Waterloo Ignorance Day a transdisciplinary success

Wednesday, January 4, 2012

"You're all used to speaking about what you know, but the idea behind this event is to have people speak about what they DON'T know," stated the researchers’ invitation to Waterloo Ignorance Day held on December 6th.

Paul Thagard of the Department of Philosophy and Director of the interdisciplinary Cognitive Science program developed the idea for a day discussing ‘What I Wish I Knew About the Mind, Brain, and Intelligence’. Randy Harris of the Department of English Language and Literature dubbed it ‘Waterloo Ignorance Day’, contrasting the annual speaker event known as Waterloo Brain Day.

"Brain Day and Ignorance Day are separate," explains Thagard, although "both attempt to stimulate interdisciplinary research concerning the mind."

And stimulate it did.

It seems that when we admit what we don’t know but want to know about the workings of the mind, different disciplines have a lot to share with each other. Hence, the packed program of discussions on ignorance and inquiry by eight Waterloo researchers represented perspectives of Philosophy, Biology, Systems Design, English, Psychology, German and Computer Science.

With at least 38 Waterloo faculty from across campus with cognitive science interests, there is much potential for cross-disciplinary fertilization on the topic of the mind. And this is also evident by the wide range of student participation at Ignorance Day. After each speaker presented their points of ‘ignorance’, the questions and discussion could have gone well beyond the allotted time. “I was delighted by the good attendance (70+) and the high level of discussion” comments Thagard.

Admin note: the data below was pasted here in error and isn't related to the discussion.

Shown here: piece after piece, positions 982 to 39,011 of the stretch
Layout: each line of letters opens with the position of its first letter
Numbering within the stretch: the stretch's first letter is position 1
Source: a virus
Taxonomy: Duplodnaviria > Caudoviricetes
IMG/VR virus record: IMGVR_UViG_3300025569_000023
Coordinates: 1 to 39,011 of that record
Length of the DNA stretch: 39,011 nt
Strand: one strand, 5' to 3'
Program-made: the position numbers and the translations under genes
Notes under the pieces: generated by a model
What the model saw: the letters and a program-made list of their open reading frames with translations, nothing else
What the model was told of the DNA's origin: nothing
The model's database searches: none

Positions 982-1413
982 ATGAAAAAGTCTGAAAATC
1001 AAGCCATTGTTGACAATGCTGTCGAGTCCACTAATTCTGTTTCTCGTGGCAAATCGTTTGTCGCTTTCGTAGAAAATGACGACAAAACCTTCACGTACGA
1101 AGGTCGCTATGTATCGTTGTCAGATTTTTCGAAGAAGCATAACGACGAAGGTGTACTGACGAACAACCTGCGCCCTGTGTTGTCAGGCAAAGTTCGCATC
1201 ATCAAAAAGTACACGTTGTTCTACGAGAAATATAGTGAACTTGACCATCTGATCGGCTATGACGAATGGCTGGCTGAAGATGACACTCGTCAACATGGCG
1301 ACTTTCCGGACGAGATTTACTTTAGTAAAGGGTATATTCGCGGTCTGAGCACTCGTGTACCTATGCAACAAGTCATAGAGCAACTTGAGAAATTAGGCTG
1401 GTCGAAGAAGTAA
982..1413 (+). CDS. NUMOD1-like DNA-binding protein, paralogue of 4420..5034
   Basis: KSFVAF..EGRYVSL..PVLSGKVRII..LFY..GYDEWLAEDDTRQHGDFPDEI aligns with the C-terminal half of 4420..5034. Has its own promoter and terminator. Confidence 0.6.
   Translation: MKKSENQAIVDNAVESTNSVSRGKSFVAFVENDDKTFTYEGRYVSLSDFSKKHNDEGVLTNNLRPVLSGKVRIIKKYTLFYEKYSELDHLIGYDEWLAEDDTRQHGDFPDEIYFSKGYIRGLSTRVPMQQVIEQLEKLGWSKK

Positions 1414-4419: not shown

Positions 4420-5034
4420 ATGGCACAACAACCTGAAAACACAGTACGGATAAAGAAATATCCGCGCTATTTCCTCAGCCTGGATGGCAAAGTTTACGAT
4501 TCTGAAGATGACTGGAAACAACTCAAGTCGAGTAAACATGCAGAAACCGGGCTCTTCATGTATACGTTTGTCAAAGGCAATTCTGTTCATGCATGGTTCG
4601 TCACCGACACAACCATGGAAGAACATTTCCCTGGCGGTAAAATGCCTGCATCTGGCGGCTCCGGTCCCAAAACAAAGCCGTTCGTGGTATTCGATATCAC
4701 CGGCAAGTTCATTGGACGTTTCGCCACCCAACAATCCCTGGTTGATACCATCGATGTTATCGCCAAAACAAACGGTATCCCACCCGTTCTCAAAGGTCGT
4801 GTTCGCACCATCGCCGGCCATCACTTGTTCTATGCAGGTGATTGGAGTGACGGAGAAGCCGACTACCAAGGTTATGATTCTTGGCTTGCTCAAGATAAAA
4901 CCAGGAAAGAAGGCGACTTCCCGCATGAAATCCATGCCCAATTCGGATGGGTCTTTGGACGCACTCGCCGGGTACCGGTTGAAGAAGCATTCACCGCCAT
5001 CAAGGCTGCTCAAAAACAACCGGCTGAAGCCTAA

Paul Thagard awards Jessey Wright his $100 prize.The winner of Ignorance Day’s student competition for the most creative connection between topics was Jessey Wright, an MA candidate in Philosophy focused on philosophy of quantum field theory (physics). Judged ‘blind’ by three faculty members, Jessey connected the presentations of: Chris Eliasmith (Philosophy/Systems Design), How is biologically-based cognition coordinated and integrated across the whole brain?; Matt van der Meer (Biology) Are there alternatives to the two-stage model of decision making which separates perception and action?; and, Randy Harris (English) Where is metaphor?.

Impressively synthesizing complex questions ‘on the spot’ at end of the Ignorance Day event, Jessey proposes that an alternative to ‘functional models’ of inquiry into mind/cognition might be a broader ‘analogical model’ (i.e. metaphor).

"For example, a metaphorical process could provide means for a system to develop, adapt and learn by relating what it doesn’t know (the desire to learn) to what it does," wrote Jessey in his winning entry.

Of course, there’s more to it, but you may have to wait for the book. And that’s just the point of Ignorance Day, to spark new ideas from across campus that can grow.

by Wendy Philpott
Arts Communications

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